Subnautica is an open world, underwater exploration and adventure game currently under construction at Unknown Worlds, the independent developer behind Natural Selection 2. After crash landing on an alien ocean world, the only way to go is down. Subnautica PC's oceans range from sun drenched shallow coral reefs to treacherous deep-sea trenches.
Manage your oxygen supply as you explore Kelp Forests, plateaus, reefs, and winding cave systems. The water teems with life: Some of it helpful, much of it harmful.
Subnautica is hands down the best survival game I have ever experienced. I completely lost track of time while playing it and for the first time in ages I rescheduled my appointments and neglected my responsibilities to spend more time with a game. If I could I would hand out free copies in the streets so as many people as possible can see how ridiculously good Subnautica is. [04/2018, p.62]
It isn’t without performance hiccups, especially the deeper you go. But the breadth of content here and the open-world nature both in terms of playspace and just pure choice in how you go about it is something rarely seen in games.
Subnautica is an exceptional game of exploration, crash-landing the player on an unknown planet with unfamiliar terrain, unexplored depths, and strange wildlife. While some smaller creatures will appear more afraid of you, it's the larger predators that will make your oxygen levels quickly drop with the increased heart rate. It's a game that captivates you as soon as you step out of the lifeboat with the gorgeous water effects and stunning environment.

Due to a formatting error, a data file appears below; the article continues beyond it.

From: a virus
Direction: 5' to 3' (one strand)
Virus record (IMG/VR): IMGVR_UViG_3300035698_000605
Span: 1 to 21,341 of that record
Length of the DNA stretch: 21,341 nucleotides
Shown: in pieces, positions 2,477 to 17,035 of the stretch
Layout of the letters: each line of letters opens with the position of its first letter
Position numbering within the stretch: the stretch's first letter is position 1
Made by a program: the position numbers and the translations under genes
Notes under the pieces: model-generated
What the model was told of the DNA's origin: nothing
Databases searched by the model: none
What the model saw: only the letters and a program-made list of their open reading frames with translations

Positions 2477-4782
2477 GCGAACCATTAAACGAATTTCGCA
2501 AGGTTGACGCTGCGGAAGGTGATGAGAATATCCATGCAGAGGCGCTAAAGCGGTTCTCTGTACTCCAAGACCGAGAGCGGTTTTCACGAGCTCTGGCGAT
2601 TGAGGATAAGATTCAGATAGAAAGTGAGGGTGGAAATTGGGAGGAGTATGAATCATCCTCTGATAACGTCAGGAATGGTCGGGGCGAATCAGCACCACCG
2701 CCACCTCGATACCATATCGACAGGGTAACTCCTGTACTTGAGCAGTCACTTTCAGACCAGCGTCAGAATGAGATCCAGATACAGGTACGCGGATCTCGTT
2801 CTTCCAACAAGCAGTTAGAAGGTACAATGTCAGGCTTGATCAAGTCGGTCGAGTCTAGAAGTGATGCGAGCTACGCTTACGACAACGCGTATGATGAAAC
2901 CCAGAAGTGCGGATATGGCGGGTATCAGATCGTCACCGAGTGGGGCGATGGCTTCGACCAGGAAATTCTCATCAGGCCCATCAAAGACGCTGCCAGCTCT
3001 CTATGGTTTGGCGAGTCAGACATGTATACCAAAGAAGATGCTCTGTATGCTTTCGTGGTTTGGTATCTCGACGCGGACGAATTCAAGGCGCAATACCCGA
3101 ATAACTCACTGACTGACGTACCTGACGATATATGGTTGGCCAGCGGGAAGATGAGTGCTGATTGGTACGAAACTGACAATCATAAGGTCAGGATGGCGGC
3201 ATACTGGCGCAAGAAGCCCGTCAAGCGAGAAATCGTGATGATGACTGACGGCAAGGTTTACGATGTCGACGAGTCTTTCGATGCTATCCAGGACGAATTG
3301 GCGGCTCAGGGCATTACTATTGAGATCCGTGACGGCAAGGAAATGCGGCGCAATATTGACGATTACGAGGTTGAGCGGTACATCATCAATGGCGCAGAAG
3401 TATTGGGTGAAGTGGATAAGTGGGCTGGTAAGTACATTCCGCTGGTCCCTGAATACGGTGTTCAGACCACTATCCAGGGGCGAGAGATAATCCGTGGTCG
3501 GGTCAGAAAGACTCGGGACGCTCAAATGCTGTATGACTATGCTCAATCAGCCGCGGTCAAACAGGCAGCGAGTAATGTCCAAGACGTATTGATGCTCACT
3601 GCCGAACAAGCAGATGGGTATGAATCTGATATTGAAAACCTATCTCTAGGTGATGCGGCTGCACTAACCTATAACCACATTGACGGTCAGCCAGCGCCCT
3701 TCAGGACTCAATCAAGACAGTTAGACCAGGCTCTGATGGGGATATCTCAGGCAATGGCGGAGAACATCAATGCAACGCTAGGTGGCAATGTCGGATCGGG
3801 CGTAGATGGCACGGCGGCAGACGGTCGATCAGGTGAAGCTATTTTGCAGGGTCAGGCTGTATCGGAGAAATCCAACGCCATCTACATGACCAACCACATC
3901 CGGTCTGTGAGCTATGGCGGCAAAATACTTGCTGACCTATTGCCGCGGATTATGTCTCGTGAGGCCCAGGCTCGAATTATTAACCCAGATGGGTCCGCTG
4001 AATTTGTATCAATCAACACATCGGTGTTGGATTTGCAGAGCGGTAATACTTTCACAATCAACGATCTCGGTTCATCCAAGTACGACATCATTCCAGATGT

Subnautica is an atmospheric, wonderful survival game full of surprises. You never know what to expect every time you dive in the depths of the ocean.
For those determined enough, though, this is a survival game like no other. [March 2018, p.80]
Subnautica shows an almost perfect mix of survival, exploration and building. The story is so beautifully woven into the game, without being forced on the player.
Subnautica is a very, very, very good game for fans of the survival genre. There is a near endless deluge of things to do and see and a vast, dangerous ocean to explore. It’s not uncommon to alternate between sheer dread and speechless wonder as you make your through this underwater wonderland. However, lackluster VR support and an overall density problem in terms of complexity and lack of direction at times hold Subnautica back from true greatness.